EMA’s monthly featured member profile.
Chelsey Belt has performed on early violin and medieval strings throughout the Midwest and Northeast. A student of The King’s Noyse‘s David Douglass, Chelsey specializes in 16th- and early 17th-century violin technique, influenced by further coaching with Dongmyung Ahn and Oliver Webber. She completed her masters in musicology at Boston University and is currently pursuing her PhD at Indiana University’s Jacobs School of Music. Recent appearances include a house concert of Monteverdi’s Combattimento di Tancredi e Clorinda, SoHIP Boston 2016, a live radio performance of German alchemical songs at MIT, and Francesca Caccini’s La Liberazione di Ruggiero in Triora, Italy.
Chelsey co-founded Andromeda with soprano Katherine Boardman, debuting at Boston Early Music Festival (BEMF) Fringe 2015 as an ensemble to explore early 17th-century repertoire influenced by the concept of music of the spheres and to collaborate with the sciences in interdisciplinary presentations, performing at Boston University’s 2016 “Art of Astrophysics” gallery show.
What is your first memorable experience of early music?
My first memorable experience of early music was playing for a “madrigal dinner” during my junior year of high school. Trumpet was my main instrument at the time, and there were traditionally brass quartet fanfares before the singing, but that particular year the choir director, who knew I played violin (not obvious since our district had no string program), asked me to double voice parts in some of the madrigals. That was my first experience playing Renaissance polyphony, and I absolutely loved it. I had always been envious of the madrigal singers for getting to sing “better” repertoire than we usually did in choir, but I had no concept for what that might be. After that performance, I typed “madrigal” into the iTunes search field and realized that the sound world that had piqued my interest was so much bigger than I had ever imagined. I still didn’t actually learn that baroque violin technique was a thing until the summer after my freshman year of undergrad.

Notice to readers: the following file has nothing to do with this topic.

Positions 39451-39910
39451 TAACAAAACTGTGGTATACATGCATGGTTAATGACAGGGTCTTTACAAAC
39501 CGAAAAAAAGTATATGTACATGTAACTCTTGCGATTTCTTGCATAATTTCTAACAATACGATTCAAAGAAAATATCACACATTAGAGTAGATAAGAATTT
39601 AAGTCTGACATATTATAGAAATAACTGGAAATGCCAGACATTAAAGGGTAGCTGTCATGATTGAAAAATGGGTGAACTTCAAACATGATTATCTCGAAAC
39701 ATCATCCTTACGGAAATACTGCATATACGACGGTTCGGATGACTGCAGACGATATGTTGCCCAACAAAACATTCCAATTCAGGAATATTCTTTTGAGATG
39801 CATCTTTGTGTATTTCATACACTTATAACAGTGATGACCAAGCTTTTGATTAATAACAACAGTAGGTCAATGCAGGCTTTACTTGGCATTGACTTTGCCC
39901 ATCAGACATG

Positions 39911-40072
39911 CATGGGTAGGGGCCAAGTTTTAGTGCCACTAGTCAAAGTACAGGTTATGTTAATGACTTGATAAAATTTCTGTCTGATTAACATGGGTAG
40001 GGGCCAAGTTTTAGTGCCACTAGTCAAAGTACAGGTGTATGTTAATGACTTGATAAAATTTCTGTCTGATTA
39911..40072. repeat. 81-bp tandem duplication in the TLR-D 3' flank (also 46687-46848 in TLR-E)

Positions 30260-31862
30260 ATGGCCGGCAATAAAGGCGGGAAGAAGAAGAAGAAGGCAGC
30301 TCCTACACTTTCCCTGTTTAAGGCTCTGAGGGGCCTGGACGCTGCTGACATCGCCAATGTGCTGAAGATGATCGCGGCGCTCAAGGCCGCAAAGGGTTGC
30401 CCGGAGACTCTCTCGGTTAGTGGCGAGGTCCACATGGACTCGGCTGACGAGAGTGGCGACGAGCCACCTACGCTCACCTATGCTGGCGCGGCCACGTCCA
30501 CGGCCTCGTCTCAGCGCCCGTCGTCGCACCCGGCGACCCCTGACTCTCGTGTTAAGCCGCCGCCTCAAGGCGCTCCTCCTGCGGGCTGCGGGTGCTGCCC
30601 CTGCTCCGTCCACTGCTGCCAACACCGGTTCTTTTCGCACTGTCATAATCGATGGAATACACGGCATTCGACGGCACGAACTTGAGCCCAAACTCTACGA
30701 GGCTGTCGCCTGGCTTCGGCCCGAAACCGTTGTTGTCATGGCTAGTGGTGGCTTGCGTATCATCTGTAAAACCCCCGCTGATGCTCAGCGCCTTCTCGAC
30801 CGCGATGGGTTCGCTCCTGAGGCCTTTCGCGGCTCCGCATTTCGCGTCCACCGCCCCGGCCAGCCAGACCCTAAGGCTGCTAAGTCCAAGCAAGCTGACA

What do you envision for your future in early music?
I became interested in early music performance by way of academia, so research and performance have always been complementary pursuits for me. I am beginning my PhD in musicology at Indiana University this semester, and the potential for collaboration with the excellent Historical Performance Institute was a major factor in my decision to attend. In the future, I hope to maintain this balance between performance and research, whether that be in an academic position where I could teach history and performance practice jointly, consulting for publishers and/or digital humanities collections on early music sources, or designing new programs for my ensembles.
What advice would you give to someone just starting in early music?
Go to as many workshops and festivals as you can, and attend as many live performances as you can! The early music community is one of the most supportive and generous art music communities I have ever experienced; so many professionals have so much to share. Also, study folk music! The type of aural and improvisational techniques that make up so many folk traditions supplement early music study wonderfully and help develop your sense of musical freedom.
Unexpectedly, you are given the opportunity to perform with one of your favorite ensembles or artists. Who would that be, and what would you perform?
I’d be playing Monteverdi Vespers with the Gabrieli Consort and Players, either in Santa Barbara in Mantua or San Marco in Venice, of course!